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The Spring Commencement ceremony includes keynote remarks by guest speakers.
2023 Spring Commencement Speaker
Wynton Marsalis is a world-renowned trumpeter, bandleader, composer, and a leading advocate of American culture. He presently serves as Managing and Artistic Director of Jazz at Lincoln Center, Director of Jazz Studies at The Juilliard School, and President of the Louis Armstrong Educational Foundation. Born in New Orleans, Louisiana in 1961, he is the son of jazz pianist and music educator Ellis Marsalis, Jr. Wynton started practicing trumpet at age 6 and grew up playing in an unusually diverse group of musical ensembles— including everything from New Orleans traditional marching bands, to funk bands, concert bands, symphonic orchestras and small jazz ensembles. Just one year after moving to New York City to attend The Juilliard School at age 17, Marsalis joined the legendary Art Blakey & The Jazz Messengers.
In 1981, Wynton formed a quintet and began touring all over the country, and the world. To date, he has performed 4,862 concerts in 856 distinct cities and 65 countries across the globe. Over the past four decades, Marsalis has rekindled and animated widespread international interest in jazz through performances, educational activities, books, curricula, and relentless advocacy on public platforms. Today, Marsalis continues the renaissance that he sparked in the early 1980s, attracting new generations of young talent to jazz and illuminating the mythic meanings of jazz fundamentals.
Marsalis has been called the “Pied Piper” of jazz and the “Doctor of Swing.” Since his recording debut in 1982, he has released over 110 jazz and classical recordings and won many awards, from a home cooked meal to honors that require a tuxedo. He regularly performs in the most prestigious concert halls and is known to play till all hours of the morning in the most inconspicuous local clubs. From the very beginning of his career, education has been vital to his mission. He has taught and mentored many, many musicians who have gone on to play, teach and advocate in their own brilliant ways.
Marsalis performs and composes across the entire spectrum of jazz and has written jazz-influenced chamber music and symphonic works for revered classical ensembles across the US and abroad. He is inspired to experiment in an ever- widening palette of forms and concepts that constitute some of the most advanced thinking in modern jazz and in American music on the broad scale. His body of original work includes (but is not limited to) 600 songs and movements, 11 dance scores, 13 suites, four symphonies, two chamber pieces, two string quartets, a jazz oratorio, a fanfare, and concertos for violin and tuba.
Wynton has received such accolades as The Louis Armstrong Memorial Medal, The French Grand Prix du Disque, and The Algur H. Meadows Award for Excellence in the Arts. He was appointed Messenger of Peace by United Nations Secretary-General Kofi Annan (2001) and has been awarded The Congressional “Horizon Award” (2002), The National Medal of Arts (2005), and The National Humanities Medal (2016). Britain’s Royal Academy of Music has granted Marsalis Honorary Membership; in the fall of 2009, he received France’s highest distinction, the Chevalier of the Legion of Honor. He has received honorary doctorates from 41 of America’s top academic institutions including Harvard, Yale, Princeton, and Tulane University in his hometown of New Orleans.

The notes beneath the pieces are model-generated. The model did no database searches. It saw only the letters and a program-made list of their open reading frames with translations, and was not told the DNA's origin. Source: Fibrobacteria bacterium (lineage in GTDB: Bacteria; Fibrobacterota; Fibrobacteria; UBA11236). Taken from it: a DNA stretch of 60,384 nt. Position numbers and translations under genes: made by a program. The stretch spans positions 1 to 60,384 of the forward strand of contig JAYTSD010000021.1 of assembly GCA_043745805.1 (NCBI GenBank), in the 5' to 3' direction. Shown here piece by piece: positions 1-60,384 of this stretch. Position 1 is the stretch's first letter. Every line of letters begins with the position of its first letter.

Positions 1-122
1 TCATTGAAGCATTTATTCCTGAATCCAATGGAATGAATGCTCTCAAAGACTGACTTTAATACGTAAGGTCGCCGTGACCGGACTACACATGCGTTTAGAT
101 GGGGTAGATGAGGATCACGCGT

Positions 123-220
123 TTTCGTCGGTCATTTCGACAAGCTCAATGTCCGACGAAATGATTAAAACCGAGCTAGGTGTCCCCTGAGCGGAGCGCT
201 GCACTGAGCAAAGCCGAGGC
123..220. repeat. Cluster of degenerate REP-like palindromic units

Wynton is the music’s chief advocate, philosopher and performer who is called upon at ceremonial occasions to place events in their proper historical context. To that end, his is a principal speaker in several vital documentaries on jazz and American culture and has written many relevant essays on jazz-related topics. Between 2011 and 2014, he delivered six groundbreaking and definitive lectures entitled Hidden in Plain View: Meanings in American Music at Harvard University. Marsalis is the author of seven books, including two children’s books.
Wynton Marsalis’ core beliefs are based on jazz fundamentals: freedom and individual creativity (improvisation), collective action and good manners (swing), as well as acceptance, gratitude and resilience (the blues). Wynton believes that music has the power to elevate our quality of life and lead us to both higher and lower levels of consciousness. He believes that music can advance the quality of human engagement for individuals, social networks and cultural institutions throughout the world.
Graduate Speaking Role
In addition, brief remarks will be made by several student speakers, chosen by the Student Speaker Selection Committee. If you are interested in becoming one of the student speakers, please see below.
Do you want to share your Michigan experience with your fellow graduates?
Apply to have a speaking role at the Spring Commencement ceremony!
Several graduates will be chosen to showcase how special U-M is to us. If you are interested in participating, submit a few short paragraphs about yourself and your time here at the University of Michigan along with an audio recording of your message.
The submission form is now open!
Submissions are due by March 10 at 5:00 p.m.
Graduate Speaker Submission Form
Email email@example.com with additional questions.